The above preview is unformatted text

This student written piece of work is one of many that can be found in our GCSE Love Poetry section.

Found what you're looking for?

  • Start learning 29% faster today
  • 150,000+ documents available
  • Just £6.99 a month

Not the one? Search for your essay title...
  • Join over 1.2 million students every month
  • Accelerate your learning by 29%
  • Unlimited access from just £6.99 per month

See related essaysSee related essays

Related GCSE Love Poetry essays

  1. The Course of True Love Never Did Run Smooth

    Showing that even if people are truly in love they still argue and get angry with each other. In the first scene of the play we see one of the obstacles of true love, parental approval. Hermia's father, Egeus, has chosen Demetrius to marry her, even though she is in love with Lysander.

  2. Twelfth Night Essay

    He does this a lot, changing words and sentences to further coddle in thoughts of Olivia. He desires only 'love thoughts' but not love itself. He makes himself 'canopied with bowers' so to feel emotional attachment to love and Olivia.

  1. Compare and contrast - Baldesar Castiglione's Book of the Courtier and Francois Rabelais's Gargantua ...

    For Castiglione, chastity is just another virtue of the court lady, while for Rabelais it is a virtue that should be guarded by the husband, since women are by nature weak and imperfect.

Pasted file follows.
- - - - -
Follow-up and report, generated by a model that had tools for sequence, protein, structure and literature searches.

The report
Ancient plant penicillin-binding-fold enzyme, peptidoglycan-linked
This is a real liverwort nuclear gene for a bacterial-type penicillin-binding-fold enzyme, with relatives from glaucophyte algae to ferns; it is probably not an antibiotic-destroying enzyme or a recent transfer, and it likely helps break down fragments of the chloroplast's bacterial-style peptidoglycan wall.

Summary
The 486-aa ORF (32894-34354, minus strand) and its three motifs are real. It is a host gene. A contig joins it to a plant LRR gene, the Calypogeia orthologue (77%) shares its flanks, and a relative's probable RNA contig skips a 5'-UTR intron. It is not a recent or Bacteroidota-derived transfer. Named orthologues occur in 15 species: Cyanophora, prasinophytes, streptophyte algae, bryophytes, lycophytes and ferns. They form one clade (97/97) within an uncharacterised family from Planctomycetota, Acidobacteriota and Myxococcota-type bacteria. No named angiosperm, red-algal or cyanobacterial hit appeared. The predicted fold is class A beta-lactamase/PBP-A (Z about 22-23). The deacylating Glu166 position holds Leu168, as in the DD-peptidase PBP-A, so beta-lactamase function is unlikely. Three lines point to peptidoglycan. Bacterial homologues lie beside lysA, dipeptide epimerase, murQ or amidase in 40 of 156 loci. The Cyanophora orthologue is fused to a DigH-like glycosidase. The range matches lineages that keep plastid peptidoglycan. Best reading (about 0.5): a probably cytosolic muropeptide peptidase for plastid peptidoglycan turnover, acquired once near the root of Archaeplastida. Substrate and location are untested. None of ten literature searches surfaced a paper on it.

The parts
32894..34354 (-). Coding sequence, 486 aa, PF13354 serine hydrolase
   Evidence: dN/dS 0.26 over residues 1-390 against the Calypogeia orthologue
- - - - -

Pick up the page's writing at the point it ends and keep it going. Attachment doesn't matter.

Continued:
2. Shakespeare wrote in a "Midsummer Night's Dream" that "the course of true love never ...

    With the words "huddled in her flimsy coat the poet shows here that the girl first of all was not really dressed for the occasion this again expressing to us that she was young. Secondly the word "huddled" tells us that the girl is so depressed and cold that she

  1. ‘Why, Mr Stevens, why, why, why do you always have to pretend?’ What ...

    He considers this the very pinnacle of achievement. It is this blind devotion to such an ethic which in the end undermines decades of dedication, and Stevens true greatness as a butler. His employer Lord Darlington, whom he defends as 'a classic English Gentleman', 'decent, honest, and well-meaning', is ultimately disgraced as a Nazi sympathiser.

  2. shakespeares sonnets

    Christina Rossetti begins to sound serious in the seventh and eighth lines: "Only remember me; you understand // It will be late to counsel then or pray". This shows that she is saying to her lover that she wants him to remember her because once she has gone she will be gone forever.

  1. A Midsummer Night's Dream -

    that their marital ideas are far from the traditional conventions of romance. "Hippolyta, I wooed thee with my sword and won thy love doing thee injuries". Theseus then goes on to comment "I will wed thee in another key" and put it all behind them "with pomp, with triumph, and

  2. Discuss Shakespeare Presents Love, Friendship and Honesty in Act 5 Scene 2 in the ...

    The revels now are ended and the lovers must go their separate ways. In Act 5 Scene 2 of Shakespeare's Loves Labours Lost he presents love, friendship and honesty by the responses to the gifts and the love poetry. The King sends diamonds, probably a pendant, and a piece of love poetry.

  • Over 160,000 pieces
    of student written work
  • Annotated by
    experienced teachers
  • Ideas and feedback to
    improve your own work